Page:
(If you’re here for Horny Hump Day, please scroll down!)

This was the picture I had on the opening page of my old Angelfire site, with the words “In loving memory of John Alec Entwistle, 9 October 1944-27 June 2002, patron saint of spiders and bass god extraordinaire.”

It’s hard to believe it’s now been an entire decade since rock’s greatest bassist was taken away from us, at only 57. I wrote about John, his death, and my feelings about it for over a month in my journal of the time, Athena. This is primarily a writing-based blog, so I haven’t really gone into too much length here about my love for The Who and my journey from casual fan to serious, hardcore fan over the course of fall 2000 into the spring of 2001.

Even though John is my third-favorite member and not my fave rave (that’s always been Pete, hands-down), I’ve always had a great love and admiration for him. There are so many parallels between him and George Harrison, like how they were both The Quiet One of their respective bands, were very underrated musically, and had to beg to be thrown a bone or two each album. My estrogen Who lists were very active in the early Aughts, and it was very unusual when we got a John girl. Usually our members preferred Pete, Keith, or Roger.

John had a great sense of dark, quirky humor after my own macabre heart, and he loved one of my favoritest animals, spiders. I even have a cute stuffed wind-up spider on a keychain whom I named Boris, after one of his signature songs, “Boris the Spider.” I’d love to have a pet tarantula someday, though unfortunately I’m allergic to one of their diet staples, cockroaches. Not only that, but he was also a fellow amateur artist. And he was so musically talented, able to play the French horn, trumpet, piano, and many other instruments in addition to bass guitar.

His musical contribution to The Who formed their backbone. He helped to turn the bass guitar into a lead instrument. Just listen to his playing on a song like “Dreaming from the Waist” or “Heaven and Hell.” It was a great loss when Keith died, but when John was gone as well, half of their signature sound was lost. I honestly feel the band should’ve retired shortly after John’s death, and I haven’t bought the “new album” they later released. I never even wanted them to release a new album when John was still alive. As unpopular as certain older guy fans find it, I’ve always loved 1982’s It’s Hard and think it’s a perfect swan song. As far as I’m concerned, that IS their swan song.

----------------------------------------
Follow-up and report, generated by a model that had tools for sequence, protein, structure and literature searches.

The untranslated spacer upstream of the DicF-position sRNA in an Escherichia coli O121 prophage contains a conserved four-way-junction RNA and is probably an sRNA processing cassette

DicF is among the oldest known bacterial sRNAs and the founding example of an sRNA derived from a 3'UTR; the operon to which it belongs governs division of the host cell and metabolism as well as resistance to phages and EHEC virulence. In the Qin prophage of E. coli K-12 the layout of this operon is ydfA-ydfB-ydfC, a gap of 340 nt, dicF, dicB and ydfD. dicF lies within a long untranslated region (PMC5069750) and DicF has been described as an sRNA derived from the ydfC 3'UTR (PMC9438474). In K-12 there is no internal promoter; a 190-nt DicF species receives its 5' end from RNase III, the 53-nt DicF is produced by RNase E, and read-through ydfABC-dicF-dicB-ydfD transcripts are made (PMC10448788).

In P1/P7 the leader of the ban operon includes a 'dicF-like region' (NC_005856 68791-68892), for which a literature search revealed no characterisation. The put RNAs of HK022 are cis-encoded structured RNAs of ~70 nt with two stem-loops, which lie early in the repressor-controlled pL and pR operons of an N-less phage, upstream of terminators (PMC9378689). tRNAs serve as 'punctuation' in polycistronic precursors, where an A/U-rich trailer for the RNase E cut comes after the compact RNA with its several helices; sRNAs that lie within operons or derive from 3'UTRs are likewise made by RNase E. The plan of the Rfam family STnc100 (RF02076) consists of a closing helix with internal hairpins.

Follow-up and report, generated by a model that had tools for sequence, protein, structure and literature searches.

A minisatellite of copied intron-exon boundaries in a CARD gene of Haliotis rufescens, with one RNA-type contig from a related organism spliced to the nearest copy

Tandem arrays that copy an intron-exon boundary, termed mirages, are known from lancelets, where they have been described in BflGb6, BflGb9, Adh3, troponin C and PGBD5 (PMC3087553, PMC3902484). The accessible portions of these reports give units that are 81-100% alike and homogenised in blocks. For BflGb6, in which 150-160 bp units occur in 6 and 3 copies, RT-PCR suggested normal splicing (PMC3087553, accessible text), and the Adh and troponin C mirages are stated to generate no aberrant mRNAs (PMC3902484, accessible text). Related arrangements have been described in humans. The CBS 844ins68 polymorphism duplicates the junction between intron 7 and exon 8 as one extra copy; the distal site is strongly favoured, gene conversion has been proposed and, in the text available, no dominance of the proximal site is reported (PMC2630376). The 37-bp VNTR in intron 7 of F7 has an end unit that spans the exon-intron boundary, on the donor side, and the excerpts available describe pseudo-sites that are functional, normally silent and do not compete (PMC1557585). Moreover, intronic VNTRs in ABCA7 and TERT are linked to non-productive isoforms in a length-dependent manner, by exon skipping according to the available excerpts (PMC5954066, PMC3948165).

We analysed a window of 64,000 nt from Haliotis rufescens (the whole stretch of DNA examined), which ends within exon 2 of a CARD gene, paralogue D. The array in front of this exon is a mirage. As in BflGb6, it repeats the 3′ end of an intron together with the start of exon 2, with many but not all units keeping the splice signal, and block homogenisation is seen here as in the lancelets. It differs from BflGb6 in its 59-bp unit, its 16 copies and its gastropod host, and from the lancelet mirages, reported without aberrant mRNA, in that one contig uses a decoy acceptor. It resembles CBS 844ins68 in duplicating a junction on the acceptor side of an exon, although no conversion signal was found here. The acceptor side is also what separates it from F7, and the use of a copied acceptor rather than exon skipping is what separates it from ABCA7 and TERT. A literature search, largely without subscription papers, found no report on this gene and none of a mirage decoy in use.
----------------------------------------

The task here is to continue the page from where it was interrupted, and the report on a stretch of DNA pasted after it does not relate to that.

I still remember it was a Thursday when he died, the same way I still remember it was a very rainy Friday when I found out George Harrison had died, and now I’ll always remember it was snowing on Leap Year when my darling Davy Jones was taken to the other world. He was too young to go, still so much left to give.

At the time he passed on, I had moved away from Reform and was going to Conservative services, but I still had some leftover Reform views and customs. One of them was saying “ha-kol” instead of “meytim” in the Amidah (the long standing prayer in the middle of services). The line praises Hashem for resurrecting the dead (meytim), but the Reform Movement changed it to ha-kol, saying that Hashem gives life to all. But after John died, I stopped saying ha-kol while everyone else said meytim. It just felt so comforting knowing that Hashem gives life to the dead when someone I loved so much had just gone to his eternal home. I’ve never said ha-kol since, not even on the rare occasions I’ve found myself in a Reform shul.

Rest in peace, dear Thunderfingers. The world is a better place because you were in it, and I’m so honored we got to share Planet Earth for 22 and a half years. Ever since you passed on, I hear you playing the bass when there’s a thunderstorm. It often seems to rain and thunder around your Jahrzeit, and even though I know the general reason behind thunder and lightning, it’s nice to imagine you’re up there giving a concert.

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